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dc.contributor.authorMurphy, K. P. S. J.
dc.contributor.authorCarter, R. J.
dc.contributor.authorMangiarini, L.
dc.contributor.authorMahal, A.
dc.contributor.authorBates, G. P.
dc.contributor.authorDunnett, S.B.
dc.contributor.authorMorton, A. J.
dc.contributor.authorLione, Lisa
dc.date.accessioned2013-07-03T15:02:11Z
dc.date.available2013-07-03T15:02:11Z
dc.date.issued2000-07-01
dc.identifier.citationMurphy , K P S J , Carter , R J , Mangiarini , L , Mahal , A , Bates , G P , Dunnett , S B , Morton , A J & Lione , L 2000 , ' Abnormal synaptic plasticity and impaired spatial cognition in mice transgenic for exon 1 of the human Huntington's disease mutation ' , Journal of Neuroscience , vol. 20 , no. 13 , pp. 5115-5123 .
dc.identifier.issn0270-6474
dc.identifier.otherPURE: 670410
dc.identifier.otherPURE UUID: 28ea9a06-27e6-4828-bbf6-c75e494518fe
dc.identifier.otherWOS: 000087816300037
dc.identifier.otherScopus: 0034234519
dc.identifier.urihttp://hdl.handle.net/2299/11078
dc.description.abstractHuntington's disease (HD) is an autosomal dominant progressive and fatal neurodegenerative brain disorder caused by an expanded CAG/polyglutamine repeat in the coding region of the gene. Presymptomatic Huntington's disease patients often exhibit cognitive deficits before the onset of classical symptoms. To investigate the possibility that changes in synaptic plasticity might underlie cognitive impairment in HD, we examined hippocampal synaptic plasticity and spatial cognition in a transgenic mouse (R6/2 line) expressing exon 1 of the human Huntington's disease gene containing an expanded CAG repeat. This mouse exhibits a progressive and fatal neurological phenotype that resembles Huntington's disease. We report that R6/2 mice show marked alterations in synaptic plasticity at both CA1 and dentate granule cell synapses, and impaired spatial cognitive performance in the Morris water maze. The changes in hippocampal plasticity were age dependent, appearing at CA1 synapses several weeks before they were observed in the dentate gyrus. Deficits in synaptic plasticity at CA1 synapses occurred before an overt phenotype. This suggests that altered synaptic plasticity contributes to the presymptomatic changes in cognition reported in human carriers of the Huntington' disease gene. The temporal and regional changes in synaptic plasticity within the hippocampus mirror the appearance of neuronal intranuclear inclusions, suggesting a relationship between polyglutamine aggregation and dysfunction.en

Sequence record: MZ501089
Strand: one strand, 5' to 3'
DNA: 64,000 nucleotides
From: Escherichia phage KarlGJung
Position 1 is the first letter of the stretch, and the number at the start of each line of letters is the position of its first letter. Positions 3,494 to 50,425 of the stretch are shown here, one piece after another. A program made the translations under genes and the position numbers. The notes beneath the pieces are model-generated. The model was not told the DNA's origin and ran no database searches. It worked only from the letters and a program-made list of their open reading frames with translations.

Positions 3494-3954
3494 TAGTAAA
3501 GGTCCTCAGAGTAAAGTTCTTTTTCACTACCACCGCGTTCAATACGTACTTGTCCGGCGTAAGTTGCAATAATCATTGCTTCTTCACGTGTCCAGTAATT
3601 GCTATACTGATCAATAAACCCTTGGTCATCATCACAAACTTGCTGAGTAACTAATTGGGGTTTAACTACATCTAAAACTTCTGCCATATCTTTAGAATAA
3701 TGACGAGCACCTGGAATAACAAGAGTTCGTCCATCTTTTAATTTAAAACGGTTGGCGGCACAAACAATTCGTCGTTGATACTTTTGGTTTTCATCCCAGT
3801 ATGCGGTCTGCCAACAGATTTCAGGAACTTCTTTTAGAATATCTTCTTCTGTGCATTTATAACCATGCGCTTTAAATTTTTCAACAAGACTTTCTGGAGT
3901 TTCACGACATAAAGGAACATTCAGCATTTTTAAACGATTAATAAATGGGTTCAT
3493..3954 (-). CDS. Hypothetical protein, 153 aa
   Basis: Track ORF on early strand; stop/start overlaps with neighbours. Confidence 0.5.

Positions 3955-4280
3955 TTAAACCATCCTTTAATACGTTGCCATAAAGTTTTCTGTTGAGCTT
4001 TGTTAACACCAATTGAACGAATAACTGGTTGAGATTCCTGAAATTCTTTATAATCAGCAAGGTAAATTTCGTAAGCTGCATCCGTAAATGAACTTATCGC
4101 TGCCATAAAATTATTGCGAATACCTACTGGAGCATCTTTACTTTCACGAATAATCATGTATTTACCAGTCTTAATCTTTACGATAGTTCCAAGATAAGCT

dc.format.extent9
dc.language.isoeng
dc.relation.ispartofJournal of Neuroscience
dc.subjectHuntington's disease
dc.subjectlong-term potentiation
dc.subjectlong-term depression
dc.subjecthippocampus
dc.subjectcognition
dc.subjectintranuclear inclusions
dc.subjectNMDA receptor
dc.subjectLONG-TERM POTENTIATION
dc.subjectNEURONAL INTRANUCLEAR INCLUSIONS
dc.subjectAMYLOID PRECURSOR PROTEIN
dc.subjectEXPANDED CAG REPEAT
dc.subjectMOUSE MODEL
dc.subjectBEHAVIORAL ABNORMALITIES
dc.subjectGLUTAMATE EXOCYTOSIS
dc.subjectMUTANT HUNTINGTIN
dc.subjectDIABETIC RATS
dc.subjectAREA CA1
dc.titleAbnormal synaptic plasticity and impaired spatial cognition in mice transgenic for exon 1 of the human Huntington's disease mutationen
dc.contributor.institutionDepartment of Human and Environmental Sciences
dc.contributor.institutionSchool of Life and Medical Sciences
dc.contributor.institutionHealth & Human Sciences Research Institute
dc.contributor.institutionPharmacology and Clinical Science Research
dc.contributor.institutionCardiovascular Pathologies
dc.contributor.institutionDiabetic neuropathies
dc.contributor.institutionTRP Ion channels
dc.description.statusPeer reviewed
dc.relation.schoolSchool of Life and Medical Sciences
rioxxterms.typeJournal Article/Review
herts.preservation.rarelyaccessedtrue
herts.rights.accesstyperestrictedAccess


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